Thearon W. Henderson
The NHL formally announced their realignment plan earlier today. How will the new format impact the Oilers' quest to return to the post season in the years ahead?
The always exceptional Elliotte Friedman has been the man to follow to break news regarding the realignment story. Again yesterday, he released some new details that had not previously been made public.
In the story linked to above, Friedman confirms the previously discussed re-structuring of the league into four groups from the existing six division structure. The groupings can be seen in the diagram below for those who are not yet familiar with them:
The new information from Friedman is that the four conference structure that had been contemplated has been dropped in favour of a more familiar two conference structure with each being divided into two divisions. The two "Western" Conference divisions will each be made up of seven teams, while the Eastern will consist of two eight team divisions. The Oilers will be part of the "Pacific" division (conference and division names are subject to change) with fellow Western Canadian franchises Vancouver and Calgary, as well as the three California-based teams (Anaheim, San Jose and Los Angeles) and the Phoenix Coyotes...at least for as long as they are in Phoenix (more on that later).
During the regular season the Oilers will play each of the 16 teams in the "Eastern" Conference twice, once at home and once on the road, which ensures that each team will play in every city each year, something that NHLPA had been insistent on. That will account for 32 games of the 82 game schedule.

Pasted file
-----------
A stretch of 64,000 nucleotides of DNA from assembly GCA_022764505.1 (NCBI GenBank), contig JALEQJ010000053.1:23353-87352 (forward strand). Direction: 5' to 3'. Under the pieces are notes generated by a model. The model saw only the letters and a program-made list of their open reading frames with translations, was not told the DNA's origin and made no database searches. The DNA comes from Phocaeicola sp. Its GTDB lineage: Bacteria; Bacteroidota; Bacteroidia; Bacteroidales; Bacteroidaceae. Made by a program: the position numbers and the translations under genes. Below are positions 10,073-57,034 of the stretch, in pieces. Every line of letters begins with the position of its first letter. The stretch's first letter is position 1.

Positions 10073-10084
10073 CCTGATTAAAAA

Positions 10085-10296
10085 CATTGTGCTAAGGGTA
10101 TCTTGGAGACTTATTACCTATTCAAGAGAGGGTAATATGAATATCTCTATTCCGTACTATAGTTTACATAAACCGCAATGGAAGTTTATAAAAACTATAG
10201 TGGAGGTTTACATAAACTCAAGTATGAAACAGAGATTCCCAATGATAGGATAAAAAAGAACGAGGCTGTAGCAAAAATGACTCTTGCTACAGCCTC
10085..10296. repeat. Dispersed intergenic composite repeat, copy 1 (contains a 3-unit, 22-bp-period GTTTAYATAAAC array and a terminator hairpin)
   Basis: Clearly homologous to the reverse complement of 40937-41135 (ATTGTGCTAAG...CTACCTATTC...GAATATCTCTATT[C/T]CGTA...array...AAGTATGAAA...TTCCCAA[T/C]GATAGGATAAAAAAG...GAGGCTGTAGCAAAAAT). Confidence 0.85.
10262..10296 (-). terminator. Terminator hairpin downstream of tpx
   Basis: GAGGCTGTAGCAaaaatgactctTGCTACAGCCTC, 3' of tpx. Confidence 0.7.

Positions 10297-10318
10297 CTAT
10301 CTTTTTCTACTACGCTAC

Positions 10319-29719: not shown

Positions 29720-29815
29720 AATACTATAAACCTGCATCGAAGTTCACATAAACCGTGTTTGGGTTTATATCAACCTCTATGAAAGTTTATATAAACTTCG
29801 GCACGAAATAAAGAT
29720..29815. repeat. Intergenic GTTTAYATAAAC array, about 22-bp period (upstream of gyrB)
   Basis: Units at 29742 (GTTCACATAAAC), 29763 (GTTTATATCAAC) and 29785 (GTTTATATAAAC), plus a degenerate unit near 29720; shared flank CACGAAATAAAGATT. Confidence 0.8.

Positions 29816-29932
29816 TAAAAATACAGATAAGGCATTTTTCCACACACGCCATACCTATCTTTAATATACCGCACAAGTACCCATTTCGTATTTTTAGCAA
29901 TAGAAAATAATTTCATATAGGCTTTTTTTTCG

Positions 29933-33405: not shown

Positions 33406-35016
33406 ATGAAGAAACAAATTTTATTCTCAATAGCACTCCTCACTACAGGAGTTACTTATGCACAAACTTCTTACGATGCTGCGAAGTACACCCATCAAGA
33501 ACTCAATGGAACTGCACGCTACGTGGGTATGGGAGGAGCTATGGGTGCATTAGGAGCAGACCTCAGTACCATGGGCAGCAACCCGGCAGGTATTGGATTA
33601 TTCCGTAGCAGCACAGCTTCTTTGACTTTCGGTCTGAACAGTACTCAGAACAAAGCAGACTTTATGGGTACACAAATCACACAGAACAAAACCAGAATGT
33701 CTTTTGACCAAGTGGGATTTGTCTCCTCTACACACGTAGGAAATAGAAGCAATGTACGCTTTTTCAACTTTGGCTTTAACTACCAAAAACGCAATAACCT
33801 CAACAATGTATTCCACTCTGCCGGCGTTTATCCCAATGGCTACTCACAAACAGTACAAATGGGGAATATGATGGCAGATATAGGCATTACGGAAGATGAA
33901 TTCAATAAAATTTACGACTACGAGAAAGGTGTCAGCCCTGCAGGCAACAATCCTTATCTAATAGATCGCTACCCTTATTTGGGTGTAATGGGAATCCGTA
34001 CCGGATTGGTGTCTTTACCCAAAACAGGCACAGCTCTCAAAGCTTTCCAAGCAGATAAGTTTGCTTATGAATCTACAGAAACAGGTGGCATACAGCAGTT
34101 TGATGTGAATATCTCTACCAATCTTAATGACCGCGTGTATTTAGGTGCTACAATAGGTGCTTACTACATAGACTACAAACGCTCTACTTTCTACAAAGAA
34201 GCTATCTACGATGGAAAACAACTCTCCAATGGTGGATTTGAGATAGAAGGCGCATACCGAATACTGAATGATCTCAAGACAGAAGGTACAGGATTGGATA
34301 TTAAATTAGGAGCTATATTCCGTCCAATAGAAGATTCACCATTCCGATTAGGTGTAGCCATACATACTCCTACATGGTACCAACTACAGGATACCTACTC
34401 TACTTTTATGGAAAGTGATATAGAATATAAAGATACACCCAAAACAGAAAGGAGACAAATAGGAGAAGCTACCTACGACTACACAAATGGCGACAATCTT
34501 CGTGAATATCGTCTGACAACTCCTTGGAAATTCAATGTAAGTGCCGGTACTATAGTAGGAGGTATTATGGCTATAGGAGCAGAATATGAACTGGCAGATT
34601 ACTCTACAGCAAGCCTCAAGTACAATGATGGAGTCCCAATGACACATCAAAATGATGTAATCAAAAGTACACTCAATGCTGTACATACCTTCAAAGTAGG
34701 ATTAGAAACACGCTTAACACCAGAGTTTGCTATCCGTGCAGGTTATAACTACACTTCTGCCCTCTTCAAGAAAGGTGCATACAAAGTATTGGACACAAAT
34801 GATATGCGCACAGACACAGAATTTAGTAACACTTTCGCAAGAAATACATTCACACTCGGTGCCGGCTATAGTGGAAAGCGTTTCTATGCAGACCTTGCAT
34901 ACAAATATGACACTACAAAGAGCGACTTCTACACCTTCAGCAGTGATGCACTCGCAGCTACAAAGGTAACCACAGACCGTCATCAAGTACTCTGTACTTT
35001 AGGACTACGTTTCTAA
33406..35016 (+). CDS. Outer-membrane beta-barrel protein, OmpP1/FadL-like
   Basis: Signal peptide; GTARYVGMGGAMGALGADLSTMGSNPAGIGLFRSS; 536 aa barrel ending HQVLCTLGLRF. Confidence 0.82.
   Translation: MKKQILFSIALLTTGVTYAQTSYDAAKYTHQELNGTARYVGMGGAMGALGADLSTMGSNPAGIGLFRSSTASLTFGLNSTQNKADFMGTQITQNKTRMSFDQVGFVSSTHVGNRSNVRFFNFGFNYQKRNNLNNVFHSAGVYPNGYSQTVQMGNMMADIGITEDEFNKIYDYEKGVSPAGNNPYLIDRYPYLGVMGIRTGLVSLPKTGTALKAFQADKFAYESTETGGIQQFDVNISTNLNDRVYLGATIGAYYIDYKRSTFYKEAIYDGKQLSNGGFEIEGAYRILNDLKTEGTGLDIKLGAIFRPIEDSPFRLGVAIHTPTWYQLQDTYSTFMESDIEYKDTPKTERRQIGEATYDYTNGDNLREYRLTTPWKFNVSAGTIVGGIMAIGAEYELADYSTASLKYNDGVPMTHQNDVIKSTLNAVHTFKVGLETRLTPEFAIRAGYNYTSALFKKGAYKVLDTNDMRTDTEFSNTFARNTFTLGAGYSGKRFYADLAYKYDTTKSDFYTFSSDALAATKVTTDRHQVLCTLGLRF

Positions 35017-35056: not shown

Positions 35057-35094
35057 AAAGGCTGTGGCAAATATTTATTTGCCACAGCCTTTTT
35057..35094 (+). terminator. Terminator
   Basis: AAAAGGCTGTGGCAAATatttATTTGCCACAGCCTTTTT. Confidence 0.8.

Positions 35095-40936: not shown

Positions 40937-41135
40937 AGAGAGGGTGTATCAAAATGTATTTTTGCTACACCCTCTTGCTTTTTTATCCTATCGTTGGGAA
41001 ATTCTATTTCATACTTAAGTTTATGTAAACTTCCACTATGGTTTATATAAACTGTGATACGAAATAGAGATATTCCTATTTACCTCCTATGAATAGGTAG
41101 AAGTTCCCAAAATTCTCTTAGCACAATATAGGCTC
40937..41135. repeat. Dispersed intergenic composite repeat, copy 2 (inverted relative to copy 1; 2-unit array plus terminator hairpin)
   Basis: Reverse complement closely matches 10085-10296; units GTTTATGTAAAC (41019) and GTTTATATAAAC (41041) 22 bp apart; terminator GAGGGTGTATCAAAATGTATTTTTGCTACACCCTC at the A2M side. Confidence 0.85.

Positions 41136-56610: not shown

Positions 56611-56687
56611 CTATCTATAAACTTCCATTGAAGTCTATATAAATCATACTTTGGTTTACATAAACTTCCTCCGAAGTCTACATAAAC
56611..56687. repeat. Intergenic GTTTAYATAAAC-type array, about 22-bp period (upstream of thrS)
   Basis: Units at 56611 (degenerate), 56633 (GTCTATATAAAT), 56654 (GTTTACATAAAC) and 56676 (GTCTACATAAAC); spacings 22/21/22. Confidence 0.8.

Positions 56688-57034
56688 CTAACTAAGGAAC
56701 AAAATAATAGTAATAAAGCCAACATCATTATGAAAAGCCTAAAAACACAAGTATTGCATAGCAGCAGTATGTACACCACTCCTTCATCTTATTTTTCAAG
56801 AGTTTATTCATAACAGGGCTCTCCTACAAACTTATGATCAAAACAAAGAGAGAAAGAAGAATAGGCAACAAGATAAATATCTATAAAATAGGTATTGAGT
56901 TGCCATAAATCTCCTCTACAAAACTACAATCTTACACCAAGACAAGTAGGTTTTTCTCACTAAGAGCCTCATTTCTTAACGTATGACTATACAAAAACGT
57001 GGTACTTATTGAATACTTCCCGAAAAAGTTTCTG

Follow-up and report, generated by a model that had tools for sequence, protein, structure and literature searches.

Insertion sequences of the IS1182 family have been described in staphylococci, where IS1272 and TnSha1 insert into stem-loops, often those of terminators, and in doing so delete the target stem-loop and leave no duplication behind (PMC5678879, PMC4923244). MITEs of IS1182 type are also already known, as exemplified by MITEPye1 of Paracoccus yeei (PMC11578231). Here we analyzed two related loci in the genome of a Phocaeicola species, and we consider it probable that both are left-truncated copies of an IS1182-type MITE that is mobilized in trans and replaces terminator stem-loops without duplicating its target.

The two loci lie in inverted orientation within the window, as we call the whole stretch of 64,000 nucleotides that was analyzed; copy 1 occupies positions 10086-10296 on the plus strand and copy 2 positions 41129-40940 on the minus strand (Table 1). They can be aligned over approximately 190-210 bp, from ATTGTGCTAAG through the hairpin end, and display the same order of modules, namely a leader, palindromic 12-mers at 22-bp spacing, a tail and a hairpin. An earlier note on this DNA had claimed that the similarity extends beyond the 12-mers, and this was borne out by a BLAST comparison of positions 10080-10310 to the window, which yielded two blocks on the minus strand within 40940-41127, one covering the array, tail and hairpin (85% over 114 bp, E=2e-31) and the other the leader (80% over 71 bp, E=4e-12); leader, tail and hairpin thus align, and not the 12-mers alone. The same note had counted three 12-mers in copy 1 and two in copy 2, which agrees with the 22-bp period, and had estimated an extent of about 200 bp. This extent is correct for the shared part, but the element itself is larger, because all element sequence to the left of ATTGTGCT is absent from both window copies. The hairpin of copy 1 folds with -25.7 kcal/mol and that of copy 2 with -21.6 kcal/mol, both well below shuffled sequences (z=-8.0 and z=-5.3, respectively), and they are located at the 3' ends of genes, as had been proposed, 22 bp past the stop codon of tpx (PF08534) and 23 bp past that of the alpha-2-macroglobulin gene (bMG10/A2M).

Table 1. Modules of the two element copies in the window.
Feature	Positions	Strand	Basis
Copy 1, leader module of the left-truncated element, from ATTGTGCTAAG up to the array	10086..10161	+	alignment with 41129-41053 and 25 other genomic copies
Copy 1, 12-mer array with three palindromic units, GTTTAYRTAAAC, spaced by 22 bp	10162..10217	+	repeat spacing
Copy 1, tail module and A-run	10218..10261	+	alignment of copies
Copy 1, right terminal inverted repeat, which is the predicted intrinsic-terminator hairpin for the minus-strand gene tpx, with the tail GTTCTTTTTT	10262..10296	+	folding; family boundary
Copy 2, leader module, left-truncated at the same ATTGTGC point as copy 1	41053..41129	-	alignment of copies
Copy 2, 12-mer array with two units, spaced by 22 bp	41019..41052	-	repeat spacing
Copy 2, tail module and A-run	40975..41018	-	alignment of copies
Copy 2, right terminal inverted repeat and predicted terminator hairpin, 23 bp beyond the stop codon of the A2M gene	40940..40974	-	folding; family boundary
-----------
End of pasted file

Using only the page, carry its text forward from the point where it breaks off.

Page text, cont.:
The team will also play 21 games against the other division in the West. That will include three games against each of the seven teams. Teams will alternate who gets the extra home game from season-to-season.
The final 30 games will be played within the division, with five teams being played five times each, and one team being limited to four meetings each season. Once again, the league will rotate which teams receive the extra home date in the season series each year.
Now, the playoff structure brings a bit more change from the previous proposal. The top three teams from each division will make the playoffs and be ranked 1-3 within their division. The remaining eight teams in the West (or 10 teams in the East) will then battle for two wild cards. Here's where it gets a bit weird...
The highest ranked wild card team will become the #4 seed of the division whose #1 seed has the lower point total. The lower ranked wild card team will become the #4 seed of the division whose #1 seed has the better record. That means that although the Oilers are part of the "Pacific" division, were they to qualify for the playoffs as a wild card team, they could very easily find themselves as the fourth seed in the midwest division playoff bracket. Everyone follow? Good, you'll be tested later...
This also brings about the return of the divisional playoff format. The first two rounds of the playoffs will see teams play within their division (1 vs. 4 & 2 vs. 3 in R1, two winners play each other in R2). In the third round, the two division champions will meet in the conference final with the winner representing their conference in the Stanley Cup Final. There had been talk of a league-wide crossover possibility to open up the potential for two teams within the same conference meeting for the Cup, but that appears to have been dropped.
So, now that we've clarified exactly what the new structure is...what does it mean for the Oilers? Should fans be dancing in the streets as if Steve Tambellini had just been fired? Or should they be curled up in the fetal position rocking back and forth like they should be if Tambellini were to receive another contract extension?